Americans have long rejected Britains booze as too warm and flat but a new wave of brewers are seeking to change that
Americans perceive several reasons to shun British beer. It’s warm. It’s flat. It’s bitter. Or, worse, it’s mild. Thanks but no thanks.
Instead they drink ice-cold Budweiser-type lagers or potent craft brews and leave the Brits to their eccentric potions.
Now a Minnesota-born brewer with a punk vibe and passion for English ale hopes to change all that, starting with “sublime pints” in Los Angeles.
“British beers have been flying under the radar here. They’re maligned and they basically apologise for being what they are,” said Andy Black. “We’re not apologising. We’re proud of what we do and want to be in your face about it.”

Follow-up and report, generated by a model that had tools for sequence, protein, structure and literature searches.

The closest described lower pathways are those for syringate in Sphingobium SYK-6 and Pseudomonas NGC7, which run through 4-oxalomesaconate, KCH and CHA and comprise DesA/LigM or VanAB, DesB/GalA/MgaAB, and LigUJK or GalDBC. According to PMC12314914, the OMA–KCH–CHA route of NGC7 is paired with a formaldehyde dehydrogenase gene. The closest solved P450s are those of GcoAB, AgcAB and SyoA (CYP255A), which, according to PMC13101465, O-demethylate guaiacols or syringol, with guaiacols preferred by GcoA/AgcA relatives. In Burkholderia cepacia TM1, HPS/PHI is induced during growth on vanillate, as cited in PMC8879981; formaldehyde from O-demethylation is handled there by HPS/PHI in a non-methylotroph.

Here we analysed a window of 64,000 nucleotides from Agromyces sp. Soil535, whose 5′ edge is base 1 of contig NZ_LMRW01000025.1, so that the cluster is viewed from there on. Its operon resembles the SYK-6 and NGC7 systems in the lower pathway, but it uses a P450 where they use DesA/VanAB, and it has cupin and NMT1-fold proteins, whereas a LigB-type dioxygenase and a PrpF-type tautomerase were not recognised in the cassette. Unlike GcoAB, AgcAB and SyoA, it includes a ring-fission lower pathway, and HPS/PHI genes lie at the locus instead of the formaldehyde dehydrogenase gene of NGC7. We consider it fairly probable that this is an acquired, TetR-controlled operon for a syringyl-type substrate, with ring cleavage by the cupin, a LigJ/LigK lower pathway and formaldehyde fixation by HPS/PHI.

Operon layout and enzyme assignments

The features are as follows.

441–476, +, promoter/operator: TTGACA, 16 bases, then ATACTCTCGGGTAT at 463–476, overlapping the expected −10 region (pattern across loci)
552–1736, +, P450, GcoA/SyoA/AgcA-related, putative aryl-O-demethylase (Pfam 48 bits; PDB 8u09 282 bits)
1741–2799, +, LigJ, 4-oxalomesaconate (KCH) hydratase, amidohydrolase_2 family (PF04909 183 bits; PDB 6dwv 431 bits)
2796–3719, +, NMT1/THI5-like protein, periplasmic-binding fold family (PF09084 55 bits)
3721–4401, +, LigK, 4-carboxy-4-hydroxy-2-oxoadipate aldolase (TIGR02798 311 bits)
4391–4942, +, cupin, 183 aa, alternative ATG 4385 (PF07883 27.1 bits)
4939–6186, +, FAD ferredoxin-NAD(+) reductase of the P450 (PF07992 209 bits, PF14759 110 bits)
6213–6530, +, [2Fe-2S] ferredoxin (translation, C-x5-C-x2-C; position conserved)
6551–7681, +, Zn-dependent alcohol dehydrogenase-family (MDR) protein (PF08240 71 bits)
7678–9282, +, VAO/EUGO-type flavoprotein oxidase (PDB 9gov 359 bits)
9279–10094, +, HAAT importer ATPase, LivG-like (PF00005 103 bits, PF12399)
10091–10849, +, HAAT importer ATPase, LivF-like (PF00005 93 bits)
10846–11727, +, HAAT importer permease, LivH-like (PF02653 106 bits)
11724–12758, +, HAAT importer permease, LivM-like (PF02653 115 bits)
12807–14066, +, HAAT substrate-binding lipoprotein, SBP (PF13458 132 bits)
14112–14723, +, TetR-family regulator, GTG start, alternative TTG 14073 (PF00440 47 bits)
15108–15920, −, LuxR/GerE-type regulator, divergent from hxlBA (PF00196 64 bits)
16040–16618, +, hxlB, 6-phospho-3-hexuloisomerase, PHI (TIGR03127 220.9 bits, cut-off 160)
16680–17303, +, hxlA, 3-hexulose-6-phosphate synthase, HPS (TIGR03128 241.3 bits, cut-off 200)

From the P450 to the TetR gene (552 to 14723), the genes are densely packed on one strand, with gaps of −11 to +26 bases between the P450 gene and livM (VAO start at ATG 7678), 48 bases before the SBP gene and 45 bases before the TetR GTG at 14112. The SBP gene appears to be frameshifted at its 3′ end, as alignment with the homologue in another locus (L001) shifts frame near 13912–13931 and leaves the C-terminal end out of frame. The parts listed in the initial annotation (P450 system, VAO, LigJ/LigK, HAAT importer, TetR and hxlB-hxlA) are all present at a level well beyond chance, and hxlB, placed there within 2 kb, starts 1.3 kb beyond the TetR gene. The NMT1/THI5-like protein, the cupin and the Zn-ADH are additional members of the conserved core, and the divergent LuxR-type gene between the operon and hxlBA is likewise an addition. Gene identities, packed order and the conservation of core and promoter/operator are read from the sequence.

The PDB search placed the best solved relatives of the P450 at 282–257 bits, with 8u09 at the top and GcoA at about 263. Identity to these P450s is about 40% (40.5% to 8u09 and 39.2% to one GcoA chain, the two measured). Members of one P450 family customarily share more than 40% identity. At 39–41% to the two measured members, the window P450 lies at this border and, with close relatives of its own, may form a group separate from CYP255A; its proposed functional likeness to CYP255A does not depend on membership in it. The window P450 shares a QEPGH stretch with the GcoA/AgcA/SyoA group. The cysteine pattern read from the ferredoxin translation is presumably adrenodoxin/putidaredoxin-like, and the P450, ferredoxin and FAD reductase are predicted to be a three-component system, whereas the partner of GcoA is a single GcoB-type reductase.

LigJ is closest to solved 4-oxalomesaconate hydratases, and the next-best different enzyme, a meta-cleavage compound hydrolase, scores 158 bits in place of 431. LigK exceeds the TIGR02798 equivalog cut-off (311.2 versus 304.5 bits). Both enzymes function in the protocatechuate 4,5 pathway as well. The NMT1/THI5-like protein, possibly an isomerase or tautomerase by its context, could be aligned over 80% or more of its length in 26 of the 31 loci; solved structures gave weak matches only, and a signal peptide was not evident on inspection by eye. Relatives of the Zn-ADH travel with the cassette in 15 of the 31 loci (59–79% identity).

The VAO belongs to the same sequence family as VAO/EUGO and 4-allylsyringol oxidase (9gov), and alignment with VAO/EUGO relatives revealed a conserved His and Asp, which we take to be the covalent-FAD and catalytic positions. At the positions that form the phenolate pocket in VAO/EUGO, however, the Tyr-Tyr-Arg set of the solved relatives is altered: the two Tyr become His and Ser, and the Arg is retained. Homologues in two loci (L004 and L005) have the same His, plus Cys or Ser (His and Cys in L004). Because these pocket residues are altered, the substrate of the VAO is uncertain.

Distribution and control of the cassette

Black, 30, is the head brewer at Yorkshire Square, in Torrance, south of LA, which is riding a small, growing movement embracing traditional British-style beer in California.
He makes cask-conditioned bitters, milds, pales, goldens and porters which tend to be more balanced and lower in alcohol than US craft beers or imported Belgian and German brews.
Yorkshire Square has garnered buzz since launching a year ago and will on Saturday debut at LA Beer Week, an industry showcase otherwise monopolized by strong, hoppy India Pale Ales (IPAs).